A Soulful Athlete Returns to the Track at 54
Tomoya Ito // Wheelchair Athlete
Shooting for the Top Again, Backed with the Best Team
Tomoya Ito, double gold medalist at the Beijing Paralympics and triple silver medalist at the London Paralympics, announced last summer that he was stepping out of retirement after 5 years to return to the world of wheelchair running. As a Bayer employee since February, he is now training hard for the opportunity to shine again on the track, this time at Tokyo 2020.
It Began with a Suggestion of a Custom-Built Machine
―What made you decide to get back into competition?
Ito: It all goes back to the Cybathlon in Zurich in October 2016. I took a part as the pilot of the RT-Mover, an electric wheelchair developed by Prof. Shuro Nakajima of Wakayama University who is the specialized in robotic engineering. There, I was approached by Anri Sugihara, Senior Managing Director at a company called RDS. Though I had already heard of the company, it was my first time to meet him. RDS researches, develops, and manufactures advanced products for many different fields, such includes mobility assistance, automobile racing, and even outer space. In fact, it was them who designed the sit-skis used by Momoka Muraoka and Taiki Morii at this year’s PyeongChang Winter Paralympics. Anyway, Sugihara said, “We’ll make a machine for you, so would you try running again?” It was a total surprise for me. I hadn’t run since London, yet not even worked out at all. I wasn’t even sure whether I could get my body back into racing form. After returning to Japan and having another talk with Sugihara, I decided to give it a try if three months of training got me into reasonable shape to get into serious competition again. As a matter of fact, it sounds like a dream to have a custom built machine to fully conform with my body with leading-edge technology.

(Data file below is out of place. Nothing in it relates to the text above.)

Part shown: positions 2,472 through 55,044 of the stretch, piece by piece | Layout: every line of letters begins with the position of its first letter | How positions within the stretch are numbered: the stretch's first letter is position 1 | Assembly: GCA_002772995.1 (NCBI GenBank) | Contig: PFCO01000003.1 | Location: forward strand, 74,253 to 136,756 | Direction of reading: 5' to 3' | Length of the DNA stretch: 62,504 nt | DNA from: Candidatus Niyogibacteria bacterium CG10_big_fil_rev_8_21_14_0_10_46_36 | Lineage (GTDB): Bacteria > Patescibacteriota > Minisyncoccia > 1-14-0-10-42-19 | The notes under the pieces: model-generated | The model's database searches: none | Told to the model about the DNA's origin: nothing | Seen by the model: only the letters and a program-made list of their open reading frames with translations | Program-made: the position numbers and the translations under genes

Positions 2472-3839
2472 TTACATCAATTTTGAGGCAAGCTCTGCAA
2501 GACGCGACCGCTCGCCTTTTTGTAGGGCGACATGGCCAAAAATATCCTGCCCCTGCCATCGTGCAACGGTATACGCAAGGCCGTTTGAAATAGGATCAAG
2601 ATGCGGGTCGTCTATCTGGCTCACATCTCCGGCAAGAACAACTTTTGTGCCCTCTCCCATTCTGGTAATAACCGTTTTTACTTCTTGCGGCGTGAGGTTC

―How was your return to the track?
Ito: A nightmare (grins). It took me 40 seconds to run 100 meters. That’s double my race time. But, I kept working at it and by spring 2017 I reached the point where I could build up a pretty good mark. So, I thought that I just might have a fighting chance.
Being an Employee Creates a Positive Sense of Pressure
―You joined Bayer in February. This is your first time to pursue your athletic career as a company employee, isn’t it?
Ito: Yes. There are basically two paths you can take to get by as a pro athlete. One is to receive corporate sponsorship. The other is to be employed by a company. Up to the London Paralympics my ideal as a “pro athlete” was to run on corporate sponsorship rather than become an employee of a particular company. Having come back from retirement, however, I’ve embraced the employment route as a way to get the encouragement that I need to compete. In fact, the idea of competing as an employee is rather appealing to me. Unlike the sponsored approach, being an employee means that I’m expected to use my time on the clock to start training and get myself into shape, so there’s this sense of pressure to do my job. The realization that I’m getting paid to contribute to the company gives me a stronger feeling that I can’t waste time, no matter what. What’s more, there isn’t any day that you can skip your basic workouts if you’re an athlete, but now that I’m an employee, I admit that the weekend is a refreshing little joy for me.